Opioid Addiction, Pharmacological Treatment

Opioid Addiction, Pharmacological Treatment

Opioid substitution therapy (OST), also called opioid agonist therapy (OAT) is used to prevent withdrawal symptoms in persons who discontinue long term use of analgesics that act on opioid receptors or as a treatment for people with opioid use disorder. OST includes conventional treatments such as metha­done maintenance therapy and buprenorphine maintenance therapy.

Comorbid mental health disorders can interfere with the adherence to OST, and result in poorer outcomes of addiction treatment.

Characteristics of drugs used as OST(i)

Feature Methadone Buprenorphine
Dose required to prevent withdrawal symptoms according to degree of opioid dependency Linear relationship (from 10-300 mg per day) Linear relationship for persons with less opioid dependency only – ceiling effect (max daily dose 24 mg)
Interaction with ARVs Methadone plasma concentrations are reduced if used together with:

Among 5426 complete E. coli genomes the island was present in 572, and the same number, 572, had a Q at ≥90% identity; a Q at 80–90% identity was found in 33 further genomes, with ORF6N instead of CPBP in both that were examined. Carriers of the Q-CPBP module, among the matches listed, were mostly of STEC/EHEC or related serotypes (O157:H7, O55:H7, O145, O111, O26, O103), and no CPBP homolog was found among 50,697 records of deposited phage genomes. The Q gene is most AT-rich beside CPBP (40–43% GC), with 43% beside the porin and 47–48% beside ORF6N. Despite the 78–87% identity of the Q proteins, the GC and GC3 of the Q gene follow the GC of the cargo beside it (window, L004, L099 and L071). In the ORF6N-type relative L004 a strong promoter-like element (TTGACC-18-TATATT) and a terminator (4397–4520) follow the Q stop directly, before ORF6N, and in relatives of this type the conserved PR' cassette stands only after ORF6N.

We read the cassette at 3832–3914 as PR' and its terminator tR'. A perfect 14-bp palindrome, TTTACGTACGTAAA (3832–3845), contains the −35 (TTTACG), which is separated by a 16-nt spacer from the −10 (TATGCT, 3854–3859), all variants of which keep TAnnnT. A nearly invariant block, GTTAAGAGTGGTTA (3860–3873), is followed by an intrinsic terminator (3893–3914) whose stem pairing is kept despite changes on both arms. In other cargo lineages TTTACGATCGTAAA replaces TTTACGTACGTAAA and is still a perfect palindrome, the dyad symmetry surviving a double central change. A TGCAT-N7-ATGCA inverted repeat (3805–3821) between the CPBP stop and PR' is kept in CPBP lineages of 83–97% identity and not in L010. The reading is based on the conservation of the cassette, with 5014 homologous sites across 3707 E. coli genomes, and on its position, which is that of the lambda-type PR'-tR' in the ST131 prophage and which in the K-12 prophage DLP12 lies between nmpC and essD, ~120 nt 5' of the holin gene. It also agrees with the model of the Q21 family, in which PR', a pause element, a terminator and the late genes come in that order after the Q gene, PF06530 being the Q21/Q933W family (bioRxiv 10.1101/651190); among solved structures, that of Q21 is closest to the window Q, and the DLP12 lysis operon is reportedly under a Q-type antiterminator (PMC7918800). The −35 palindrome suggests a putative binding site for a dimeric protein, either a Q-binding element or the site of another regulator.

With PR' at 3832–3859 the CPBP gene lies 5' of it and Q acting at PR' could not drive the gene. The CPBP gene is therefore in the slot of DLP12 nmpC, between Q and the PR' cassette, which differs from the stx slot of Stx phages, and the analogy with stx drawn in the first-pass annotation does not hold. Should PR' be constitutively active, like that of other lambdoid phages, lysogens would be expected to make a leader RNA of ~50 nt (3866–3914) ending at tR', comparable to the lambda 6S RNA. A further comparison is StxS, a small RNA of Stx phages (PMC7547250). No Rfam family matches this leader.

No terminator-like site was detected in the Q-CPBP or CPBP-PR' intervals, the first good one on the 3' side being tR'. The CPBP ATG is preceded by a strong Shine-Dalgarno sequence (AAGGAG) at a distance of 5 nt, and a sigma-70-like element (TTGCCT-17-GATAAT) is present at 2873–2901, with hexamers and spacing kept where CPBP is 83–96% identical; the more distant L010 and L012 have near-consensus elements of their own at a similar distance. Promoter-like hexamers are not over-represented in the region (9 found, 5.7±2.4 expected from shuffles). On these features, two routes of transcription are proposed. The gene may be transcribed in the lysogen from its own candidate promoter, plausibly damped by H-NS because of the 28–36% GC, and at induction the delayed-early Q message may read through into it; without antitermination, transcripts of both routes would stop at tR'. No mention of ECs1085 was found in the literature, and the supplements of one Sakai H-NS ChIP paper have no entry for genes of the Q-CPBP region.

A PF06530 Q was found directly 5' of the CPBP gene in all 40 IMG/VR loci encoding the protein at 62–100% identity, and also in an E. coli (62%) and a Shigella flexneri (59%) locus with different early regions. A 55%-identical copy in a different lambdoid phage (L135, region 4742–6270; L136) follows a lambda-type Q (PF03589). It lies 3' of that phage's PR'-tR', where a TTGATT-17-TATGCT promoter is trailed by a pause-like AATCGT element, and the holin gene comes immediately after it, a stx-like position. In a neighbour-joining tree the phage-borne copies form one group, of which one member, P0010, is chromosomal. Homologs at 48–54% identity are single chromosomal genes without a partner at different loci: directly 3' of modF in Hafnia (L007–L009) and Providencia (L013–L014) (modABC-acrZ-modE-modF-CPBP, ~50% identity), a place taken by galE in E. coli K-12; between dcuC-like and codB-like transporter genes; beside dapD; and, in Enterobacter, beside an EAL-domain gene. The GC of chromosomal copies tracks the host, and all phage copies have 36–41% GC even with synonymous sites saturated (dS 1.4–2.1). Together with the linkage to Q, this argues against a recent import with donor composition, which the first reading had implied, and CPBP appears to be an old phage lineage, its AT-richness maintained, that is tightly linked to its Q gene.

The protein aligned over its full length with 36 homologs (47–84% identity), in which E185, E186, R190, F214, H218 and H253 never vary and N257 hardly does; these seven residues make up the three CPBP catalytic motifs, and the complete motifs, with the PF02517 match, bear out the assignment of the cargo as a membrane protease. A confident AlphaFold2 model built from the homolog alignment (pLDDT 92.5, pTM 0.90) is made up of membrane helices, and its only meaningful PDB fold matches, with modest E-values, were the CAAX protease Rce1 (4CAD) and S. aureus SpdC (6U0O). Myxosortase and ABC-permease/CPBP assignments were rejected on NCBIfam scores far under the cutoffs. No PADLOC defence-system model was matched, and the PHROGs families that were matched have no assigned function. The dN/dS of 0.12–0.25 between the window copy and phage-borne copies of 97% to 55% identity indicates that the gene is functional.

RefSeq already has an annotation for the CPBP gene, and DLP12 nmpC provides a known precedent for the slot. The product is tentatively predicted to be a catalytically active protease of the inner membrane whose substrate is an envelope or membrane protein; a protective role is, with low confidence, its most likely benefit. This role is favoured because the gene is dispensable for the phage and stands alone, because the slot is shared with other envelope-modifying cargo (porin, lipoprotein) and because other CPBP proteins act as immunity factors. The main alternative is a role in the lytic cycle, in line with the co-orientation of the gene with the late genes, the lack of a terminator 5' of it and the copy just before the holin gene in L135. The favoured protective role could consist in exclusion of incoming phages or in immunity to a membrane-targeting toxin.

• NVP & EFV: ↓ 50%
• LPV/r: ↓ 50%
• No clinically significant alterations of methadone PK with other commonly used ART agents

Buprenorphine (B) and active metabolite norbuprenorphine (N) plasma concentrations are reduced if combined with NNRTIs and increased if combined with some PIs or INSTIs
• EFV: ↓ up to 50% (B) and 70% (N)
• ETV: ↓ 25% (B)
• ATV/r: ↑ 50-100% (B&N)
• DRV/r: ↑ 50% (N)
Caution: B reduces ATV; do not use without RTV or COBI boosting
• EVG/c, ↑ 35-42% (B&N)
(BIC, CAB, DOR, DTG, FTR, RAL, RPV & LPV/r do not affect B & N metabolism)
• LEN may increase B however to an extent that does not warrant dose adjustment

  Caution: withdrawal symptoms if combined with ARV that decreases plasma concentration and risk of drug toxicity if such ARVs are interrupted – reverse if ARVs increase plasma concentration
Risk of overdose Yes See(iii)
Causing QT prolongation on ECG Yes (dose-response relationship)(ii) No
Risk of obstipation High High
Type of administration Tablet or liquid Tablet applied sublingual
Risk of further impairment in persons with existing liver impairment Yes Yes


  1. See Drug-drug Interactions between Analgesics and ARVs
  2. ECG recommended for daily methadone doses exceeding 50 mg; special caution with concomitant use of other drugs known to cause QT prolongation (e.g. certain ARVs (such as LPV/r, RPV, FTR), amiodarone, astemizole, azithromycin, clarithromycin, chloroquine, citalopram, domperidone, escitalopram, fluconazole and moxifloxacin)
  3. Buprenorphine is commonly used as a fixed-dose combination with naloxone. Risk of overdose of buprenorphine may be reduced with the use of fixed dose combination with naloxone